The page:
The Oscar-winning Connery, 68, stars as the world's greatest art thief who's pursued and seduced by a strong-willed, resourceful insurance investigator who may or may not be an aspiring thief herself, played by Catherine Zeta-Jones ("The Mask of Zorro").
An associate of Connery's said that even on films he is not officially producing, the star has been known to take things in his owns hands--literally. He once took a storyboard out of the hands of a director when the movie was heading out of control.
"He's very efficient and is able to tell you things like simpler ways to do a stunt," Rothman said. "And he's very low maintenance. He's about the work."
To be sure, studios do indulge Connery with perks that they lavish on any big star. But Fox executives say the difference is that Connery isn't someone who gripes about minimal amenities in his trailer when on a remote location.
"He has a very pragmatic attitude," Rothman said.
Tollefson, who's been Connery's producing partner in Fountainbridge Films since 1992, said ever since they first worked together, "Sean would always say, 'There's a way to make movies for a price.' " She said Connery pays close attention to "little things," such as reducing the number of private drivers and cars used on location.
"If everybody has a car, it adds up," Tollefson said, noting that on "Entrapment" she, Connery and Amiel drove themselves.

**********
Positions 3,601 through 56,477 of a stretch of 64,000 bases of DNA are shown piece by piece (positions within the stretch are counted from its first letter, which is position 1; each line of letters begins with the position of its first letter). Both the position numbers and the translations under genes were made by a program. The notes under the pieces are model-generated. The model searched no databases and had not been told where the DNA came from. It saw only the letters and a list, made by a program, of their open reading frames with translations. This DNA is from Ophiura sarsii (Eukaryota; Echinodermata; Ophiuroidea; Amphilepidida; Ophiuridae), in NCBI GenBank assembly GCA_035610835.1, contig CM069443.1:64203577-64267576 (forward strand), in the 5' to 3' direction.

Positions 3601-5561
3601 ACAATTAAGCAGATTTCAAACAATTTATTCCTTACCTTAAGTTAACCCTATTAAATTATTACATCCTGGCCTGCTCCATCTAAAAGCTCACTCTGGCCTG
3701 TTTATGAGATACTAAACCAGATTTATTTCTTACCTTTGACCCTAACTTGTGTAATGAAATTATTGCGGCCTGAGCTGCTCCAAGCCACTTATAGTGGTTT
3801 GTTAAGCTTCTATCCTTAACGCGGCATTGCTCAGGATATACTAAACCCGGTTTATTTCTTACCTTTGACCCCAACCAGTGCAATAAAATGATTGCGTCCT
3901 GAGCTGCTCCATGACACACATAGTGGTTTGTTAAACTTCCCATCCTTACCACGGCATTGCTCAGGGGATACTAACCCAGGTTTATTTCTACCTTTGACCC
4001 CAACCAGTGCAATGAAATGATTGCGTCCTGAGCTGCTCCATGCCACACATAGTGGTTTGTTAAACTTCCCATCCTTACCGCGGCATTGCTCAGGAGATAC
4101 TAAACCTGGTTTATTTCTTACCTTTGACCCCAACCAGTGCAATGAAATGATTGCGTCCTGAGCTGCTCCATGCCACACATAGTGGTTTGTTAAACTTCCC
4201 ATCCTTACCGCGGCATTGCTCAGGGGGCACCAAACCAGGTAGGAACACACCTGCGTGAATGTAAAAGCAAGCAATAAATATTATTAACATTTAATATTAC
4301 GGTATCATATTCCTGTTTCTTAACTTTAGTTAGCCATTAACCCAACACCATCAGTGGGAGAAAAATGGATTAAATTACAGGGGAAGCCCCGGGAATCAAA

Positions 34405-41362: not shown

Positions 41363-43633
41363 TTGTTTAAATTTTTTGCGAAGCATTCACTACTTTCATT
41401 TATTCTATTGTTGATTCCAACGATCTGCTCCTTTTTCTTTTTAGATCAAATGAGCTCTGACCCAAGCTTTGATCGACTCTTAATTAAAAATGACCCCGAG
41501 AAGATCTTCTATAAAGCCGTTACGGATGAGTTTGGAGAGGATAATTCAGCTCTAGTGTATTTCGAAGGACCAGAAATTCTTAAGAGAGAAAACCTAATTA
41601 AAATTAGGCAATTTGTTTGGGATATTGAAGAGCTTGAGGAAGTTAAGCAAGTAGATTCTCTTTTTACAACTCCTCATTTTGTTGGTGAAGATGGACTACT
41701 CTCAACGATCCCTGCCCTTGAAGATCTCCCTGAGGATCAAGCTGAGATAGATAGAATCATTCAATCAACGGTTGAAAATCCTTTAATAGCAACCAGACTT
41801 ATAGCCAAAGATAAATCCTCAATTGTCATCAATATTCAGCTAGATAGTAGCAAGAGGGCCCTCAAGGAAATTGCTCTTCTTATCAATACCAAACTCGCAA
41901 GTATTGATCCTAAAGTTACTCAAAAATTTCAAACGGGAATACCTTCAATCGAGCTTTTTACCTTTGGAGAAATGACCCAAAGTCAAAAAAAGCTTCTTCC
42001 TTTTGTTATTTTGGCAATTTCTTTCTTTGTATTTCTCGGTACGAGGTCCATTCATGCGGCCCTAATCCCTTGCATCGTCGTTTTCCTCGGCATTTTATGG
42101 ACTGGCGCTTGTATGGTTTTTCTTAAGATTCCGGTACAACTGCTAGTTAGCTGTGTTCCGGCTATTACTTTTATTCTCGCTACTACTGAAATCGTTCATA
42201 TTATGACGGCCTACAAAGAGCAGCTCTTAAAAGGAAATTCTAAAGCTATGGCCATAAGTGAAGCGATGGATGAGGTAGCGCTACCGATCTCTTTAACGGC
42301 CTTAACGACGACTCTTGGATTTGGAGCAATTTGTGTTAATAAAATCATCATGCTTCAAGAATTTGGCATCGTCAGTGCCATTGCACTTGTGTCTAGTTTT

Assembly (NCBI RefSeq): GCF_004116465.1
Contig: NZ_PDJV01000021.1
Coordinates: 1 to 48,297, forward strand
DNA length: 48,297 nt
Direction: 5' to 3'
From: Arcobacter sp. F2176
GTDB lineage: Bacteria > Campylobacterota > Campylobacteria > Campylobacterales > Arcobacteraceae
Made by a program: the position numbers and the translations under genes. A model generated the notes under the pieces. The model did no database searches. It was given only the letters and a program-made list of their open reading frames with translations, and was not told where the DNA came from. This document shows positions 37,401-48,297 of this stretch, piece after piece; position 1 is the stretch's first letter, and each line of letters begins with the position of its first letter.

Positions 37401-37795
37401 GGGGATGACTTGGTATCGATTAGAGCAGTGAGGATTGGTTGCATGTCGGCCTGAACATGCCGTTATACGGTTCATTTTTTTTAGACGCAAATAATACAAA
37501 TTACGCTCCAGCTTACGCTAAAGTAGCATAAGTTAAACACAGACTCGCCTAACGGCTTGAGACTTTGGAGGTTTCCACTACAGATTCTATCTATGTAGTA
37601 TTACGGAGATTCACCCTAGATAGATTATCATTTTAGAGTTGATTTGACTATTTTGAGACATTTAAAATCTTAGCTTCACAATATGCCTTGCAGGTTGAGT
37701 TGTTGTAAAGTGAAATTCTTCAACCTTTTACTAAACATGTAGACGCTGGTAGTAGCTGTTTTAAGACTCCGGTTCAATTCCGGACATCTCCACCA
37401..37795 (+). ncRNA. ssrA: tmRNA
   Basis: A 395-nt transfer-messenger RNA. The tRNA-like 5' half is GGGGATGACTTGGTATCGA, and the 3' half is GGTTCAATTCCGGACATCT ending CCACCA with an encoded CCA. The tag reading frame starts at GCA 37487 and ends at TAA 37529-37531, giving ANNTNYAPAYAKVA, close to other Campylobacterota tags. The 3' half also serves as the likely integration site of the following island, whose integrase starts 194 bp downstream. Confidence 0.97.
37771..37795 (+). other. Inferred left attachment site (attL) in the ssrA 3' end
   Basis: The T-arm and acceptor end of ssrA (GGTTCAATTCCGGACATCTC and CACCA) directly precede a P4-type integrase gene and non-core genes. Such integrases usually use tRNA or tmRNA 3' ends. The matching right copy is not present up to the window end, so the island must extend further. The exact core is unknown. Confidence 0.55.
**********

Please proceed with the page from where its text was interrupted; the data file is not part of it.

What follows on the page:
Connery recalled how on the set of Richard Brooks' 1982 production "Wrong Is Right," he and nine cast and crew members, including the cinematographer, the sound man, the assistant director and three department heads, rode the bus together each morning to the set, cutting down on the number of vehicles.
"Otherwise, we would have fragmented the unit and had nine cars with nine drivers, which would not have been a contribution," Connery said.
When Connery had to leave the island of Mull (off the coast of Scotland) while on location for "Entrapment," Tollefson recalled how he spurned a private plane to drive two hours to Glasgow to catch a commercial flight.
"His attitude is, if it's not necessary to spend the money, let's not spend it. We believe every penny should be up on the screen," Tollefson said.
Rothman also credited Amiel, whose credits include the thriller "Copycat," with being "a firm believer in that same attitude."